# The Lytro, some simple math...

Started Oct 19, 2011 | Discussions thread
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The Lytro, some simple math...

f2.0!

That's a lot of DOF to control with the Lytro, right?

Not really.

The new dpReview article gives us some useful info...

http://www.dpreview.com/articles/7237351494/lytro-light-field-camera-first-look-with-ren-ng

The camera itself is a square prism in shape, around 11cm (4.4") long and around 4cm (1.6") square. Around two thirds of its length is bare anodized aluminum, which houses a 35-280mm equivalent, constant F2 lens.

A quick screen print and basic photogrametry says that the lens is about 26mm in diameter. At f2.0, that makes it, at most, 52mm at the long end, or a 6.5-52mm f2.0.

Since they call it a 35-280mm equivalent, that makes it a 5.4x crop factor. That means that the sensor diagonal is about 8mm, or it's a 1/2" sensor. At \$300, I'm betting more like a 1/2.7 inch, which would be 6.6mm, or a 6.5x. But we'll be nice and give Lytro the maximum size allowed by law (optical physics, that is), the 1/2", 5.4x crop.

That means, DOF wise, Lytro starts out with a 35-280mm f11 equivalent. Crop factors apply to both focal length and aperture, you know.

So, how big is the output image? The original Lytro used an f4 lens and a 13x13x decimation microlens array, so it could do DOF between f4 and f45, but that was on a MF camera, where f45 is practical. This "Camera 3.0" has a sensor that makes a postage stamp look huge. The 13x13 matrix also reduced the megapixel count by 13^2, or 170.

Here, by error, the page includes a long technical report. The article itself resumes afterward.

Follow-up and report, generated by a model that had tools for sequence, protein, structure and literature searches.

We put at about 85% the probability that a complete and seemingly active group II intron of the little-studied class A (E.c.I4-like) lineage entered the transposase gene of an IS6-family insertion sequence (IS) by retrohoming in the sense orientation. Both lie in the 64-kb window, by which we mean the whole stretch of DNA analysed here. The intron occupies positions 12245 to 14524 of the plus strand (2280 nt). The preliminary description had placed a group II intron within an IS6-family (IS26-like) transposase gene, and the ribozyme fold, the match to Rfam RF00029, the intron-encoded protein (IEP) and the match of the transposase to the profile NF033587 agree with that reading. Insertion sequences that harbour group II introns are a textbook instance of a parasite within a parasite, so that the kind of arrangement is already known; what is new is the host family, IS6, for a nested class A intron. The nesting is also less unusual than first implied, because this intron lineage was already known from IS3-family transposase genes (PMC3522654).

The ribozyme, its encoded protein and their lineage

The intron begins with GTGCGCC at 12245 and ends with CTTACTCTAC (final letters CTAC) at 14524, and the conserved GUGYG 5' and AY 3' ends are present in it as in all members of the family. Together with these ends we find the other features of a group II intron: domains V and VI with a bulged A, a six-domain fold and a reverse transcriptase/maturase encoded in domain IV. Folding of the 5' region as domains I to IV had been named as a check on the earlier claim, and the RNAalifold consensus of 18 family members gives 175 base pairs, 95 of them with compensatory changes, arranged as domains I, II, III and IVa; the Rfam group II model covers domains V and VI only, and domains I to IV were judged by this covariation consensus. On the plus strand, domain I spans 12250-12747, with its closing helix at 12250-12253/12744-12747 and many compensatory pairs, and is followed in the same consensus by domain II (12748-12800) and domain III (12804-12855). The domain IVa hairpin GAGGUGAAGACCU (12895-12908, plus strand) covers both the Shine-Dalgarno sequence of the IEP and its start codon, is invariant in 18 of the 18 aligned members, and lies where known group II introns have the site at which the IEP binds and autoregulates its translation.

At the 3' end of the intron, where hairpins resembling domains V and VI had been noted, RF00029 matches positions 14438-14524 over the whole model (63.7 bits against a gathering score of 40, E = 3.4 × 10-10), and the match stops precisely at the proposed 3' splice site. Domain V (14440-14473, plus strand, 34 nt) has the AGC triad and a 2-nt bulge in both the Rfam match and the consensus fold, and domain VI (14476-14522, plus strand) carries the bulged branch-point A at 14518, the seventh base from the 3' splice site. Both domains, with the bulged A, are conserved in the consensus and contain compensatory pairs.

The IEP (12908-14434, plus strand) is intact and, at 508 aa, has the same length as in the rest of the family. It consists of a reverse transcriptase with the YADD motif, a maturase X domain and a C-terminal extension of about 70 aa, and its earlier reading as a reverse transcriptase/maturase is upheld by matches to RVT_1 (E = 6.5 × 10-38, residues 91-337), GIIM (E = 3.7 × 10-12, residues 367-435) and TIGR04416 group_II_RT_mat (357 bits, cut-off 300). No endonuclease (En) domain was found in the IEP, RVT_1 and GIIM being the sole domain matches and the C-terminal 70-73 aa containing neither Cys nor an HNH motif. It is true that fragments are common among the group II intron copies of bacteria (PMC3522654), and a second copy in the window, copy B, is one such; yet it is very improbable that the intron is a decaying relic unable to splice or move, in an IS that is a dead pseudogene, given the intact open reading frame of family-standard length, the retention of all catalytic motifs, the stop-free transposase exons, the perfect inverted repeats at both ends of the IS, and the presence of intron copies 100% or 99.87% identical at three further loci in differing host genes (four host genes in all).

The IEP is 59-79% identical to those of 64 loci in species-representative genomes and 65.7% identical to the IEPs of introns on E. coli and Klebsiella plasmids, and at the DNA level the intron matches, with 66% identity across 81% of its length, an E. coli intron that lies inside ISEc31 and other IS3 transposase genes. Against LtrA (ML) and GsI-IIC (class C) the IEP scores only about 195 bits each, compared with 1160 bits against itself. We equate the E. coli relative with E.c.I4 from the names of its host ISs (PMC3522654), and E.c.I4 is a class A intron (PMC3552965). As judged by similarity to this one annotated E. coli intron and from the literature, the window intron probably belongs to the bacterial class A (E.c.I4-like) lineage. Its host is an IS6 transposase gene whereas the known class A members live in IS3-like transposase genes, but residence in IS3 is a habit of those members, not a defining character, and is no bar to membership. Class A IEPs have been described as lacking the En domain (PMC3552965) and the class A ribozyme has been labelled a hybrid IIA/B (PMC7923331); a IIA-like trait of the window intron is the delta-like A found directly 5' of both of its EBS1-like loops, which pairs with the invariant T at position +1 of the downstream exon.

The output is "HD". That could mean many things.

• 1080p would be 1900x1080 or 2mp. From an 11mp sensor, that's only going down 5.5x in pixels, or 2.34x in resolution. You can have the DOF equivalents from f11 to f25. Not much range.

• 720p, 1280x720, is more sane. Of course, it's not a 16:9 aspect sensor, it's a 3:4, so, 960x720, or 0.69mp. Hey, it's a good size for the web, electronic picture frames, phones and pads. That's also an even 16x pixel count, or 4x resolution range. f11-f45, 2 full stops DOF adjustment range. You won't want to go down below the f45 equivalent, anyway, because even at such low resolution, diffraction will begin to show.

With just 16 "rays" per pixel to calculate, instead of 160, there's some possibility of near real-time results.

I guess that you're not going to use the "refocus" feature much at the short end. 35mm or 50mm f11 is already pretty shallow DOF. So, it's something you'd play with a few times at the telephoto end. Then, I'm guessing, forget about.

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Rahon Klavanian 1912-2008.

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Ciao! Joseph

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